If you were not at the RMMLA convention, you can still watch Victor Mair’s keynote address, along with the preliminary speeches by Dr. Eduardo Caro and Dr. Christopher Lupke.
You and your library can also enjoy the 30% discount–order by Nov 15 and use the code RMMLA 2014. This is applicable to all titles, not only the ones on the RMMLA flier.
Cambria Press will be at the MLA convention in Vancouver, B.C. and the AAS conference in Chicago. Drop by our booths, which will be right in front of the exhibit hall entrance at both conferences, to browse our books.
In addition to the Cambria Sinophone World Series by Victor Mair, Cambria Press also has other important series for scholars in language and literature:
Cambria Press congratulates Jamie Wilson on the outstanding review of his book, Building a Healthy Black Harlem, by Afro-Americans in New York: Life and History. The journal praises the book for being “a valuable contribution to our knowledge of a place and time better known for its famous writers and artists than for the quotidian struggles of its workers facing racism and the structural economic trap of high rents and low wages.” It also commends the book for being “an impressive achievement that updates social history with fresh material and perspectives and makes important interventions in the literature on African American urbanization.”
Victor H. Mair, the famous Sinologist at the University of Pennsylvania and general editor of the Cambria Sinophone World Series, is the 2014 RMMLA keynote speaker. Unquestionably one of the greatest scholars in Asian studies, Victor H. Mair could earn this widely recognized status based on his scholarly accomplishments in the last decade alone. His vast number of scholarly works, which cover such dazzling breadths and depths (from Sinology to the Tarim mummies), are influential and renowned. His RMMLA keynote which will address the impact of information technology on the study of language and literature is not to be missed.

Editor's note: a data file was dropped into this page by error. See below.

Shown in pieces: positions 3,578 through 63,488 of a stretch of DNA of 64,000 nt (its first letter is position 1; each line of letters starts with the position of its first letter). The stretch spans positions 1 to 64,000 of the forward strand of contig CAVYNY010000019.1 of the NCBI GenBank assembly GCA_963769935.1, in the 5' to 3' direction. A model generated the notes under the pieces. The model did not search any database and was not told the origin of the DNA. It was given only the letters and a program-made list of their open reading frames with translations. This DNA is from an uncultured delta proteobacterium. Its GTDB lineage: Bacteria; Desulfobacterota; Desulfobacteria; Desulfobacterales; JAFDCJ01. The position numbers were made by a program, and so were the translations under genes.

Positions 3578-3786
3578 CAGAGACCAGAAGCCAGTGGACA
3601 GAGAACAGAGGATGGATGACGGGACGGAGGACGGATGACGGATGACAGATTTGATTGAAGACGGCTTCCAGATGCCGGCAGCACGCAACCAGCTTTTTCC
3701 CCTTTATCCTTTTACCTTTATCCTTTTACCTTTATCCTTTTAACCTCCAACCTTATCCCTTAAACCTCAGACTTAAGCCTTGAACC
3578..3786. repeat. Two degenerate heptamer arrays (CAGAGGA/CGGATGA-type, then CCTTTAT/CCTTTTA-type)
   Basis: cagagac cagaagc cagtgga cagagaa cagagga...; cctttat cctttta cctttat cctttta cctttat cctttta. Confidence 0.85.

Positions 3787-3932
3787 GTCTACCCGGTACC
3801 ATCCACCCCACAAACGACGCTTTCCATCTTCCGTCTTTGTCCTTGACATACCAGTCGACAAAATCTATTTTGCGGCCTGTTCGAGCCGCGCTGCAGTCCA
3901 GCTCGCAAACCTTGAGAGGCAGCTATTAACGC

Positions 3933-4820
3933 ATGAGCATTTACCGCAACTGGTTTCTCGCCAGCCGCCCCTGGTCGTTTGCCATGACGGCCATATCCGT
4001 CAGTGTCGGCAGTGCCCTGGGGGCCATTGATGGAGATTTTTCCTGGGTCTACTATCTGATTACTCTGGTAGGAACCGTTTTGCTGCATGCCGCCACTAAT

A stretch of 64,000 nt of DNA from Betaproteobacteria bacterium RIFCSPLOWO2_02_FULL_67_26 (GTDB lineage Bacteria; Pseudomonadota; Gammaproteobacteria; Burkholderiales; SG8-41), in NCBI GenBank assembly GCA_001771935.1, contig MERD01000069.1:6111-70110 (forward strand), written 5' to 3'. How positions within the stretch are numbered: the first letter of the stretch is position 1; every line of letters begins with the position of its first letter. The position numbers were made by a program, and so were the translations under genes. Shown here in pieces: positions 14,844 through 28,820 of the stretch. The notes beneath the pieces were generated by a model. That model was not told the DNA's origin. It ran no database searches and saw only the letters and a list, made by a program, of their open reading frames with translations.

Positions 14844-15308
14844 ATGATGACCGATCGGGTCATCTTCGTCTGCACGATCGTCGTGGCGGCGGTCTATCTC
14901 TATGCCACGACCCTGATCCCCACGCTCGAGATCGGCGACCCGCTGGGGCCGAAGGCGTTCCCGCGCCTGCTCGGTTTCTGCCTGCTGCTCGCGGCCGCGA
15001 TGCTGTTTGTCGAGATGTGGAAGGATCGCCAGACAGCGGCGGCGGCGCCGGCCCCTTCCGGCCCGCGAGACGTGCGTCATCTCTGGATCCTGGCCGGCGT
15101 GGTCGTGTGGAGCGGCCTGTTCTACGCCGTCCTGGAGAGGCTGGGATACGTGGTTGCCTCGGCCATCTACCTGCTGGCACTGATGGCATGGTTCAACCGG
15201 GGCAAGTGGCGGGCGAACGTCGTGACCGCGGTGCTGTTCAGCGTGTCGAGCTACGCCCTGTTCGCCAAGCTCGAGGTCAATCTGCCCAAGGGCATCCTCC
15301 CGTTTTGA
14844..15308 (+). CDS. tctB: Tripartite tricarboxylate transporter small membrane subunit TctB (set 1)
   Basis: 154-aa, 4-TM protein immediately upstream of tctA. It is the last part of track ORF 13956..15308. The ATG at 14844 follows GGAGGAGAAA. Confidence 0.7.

See Styling Texts: Dress and Fashion in Literatureby Cynthia Kuhn and Cindy Carlson in the RMMLA book exhibit area. This is the first academic volume to address such an extensive range of texts, inviting consideration of how fashionable desires and concerns not only articulate the aesthetics, subjectivities, and controversies of a given culture, but also communicate across temporal and spatial divisions. Styling Texts is an essential resource for anyone interested in the artistic representations and significations of dress.
From the introduction:
“Do not look upon all this that I am telling you about the clothes as uncalled for or spun out, for they have a great deal to do with the story.” —Cervantes, Don Quixote (I: 51)
Whether describing an elegant gown in luxurious detail or registering a simple tunic, storytellers attend to clothes. Color schemes, patterns, or emblems may seem easy to identify and interpret, but literary dress can be deceptively multifaceted. Far from merely enhancing characterization or creating a visual snapshot, the vestimentary frame enacts a site of aesthetic, social, and political inscription—rich material for analysis.
Central American Avant-Garde Narrativeby Adrian Kane has been just been published and will be on display in the 2014 RMMLA book exhibit this week. Dr. Kane (professor of Spanish at Boise State University) will be chairing two RMMLA sessions this Friday.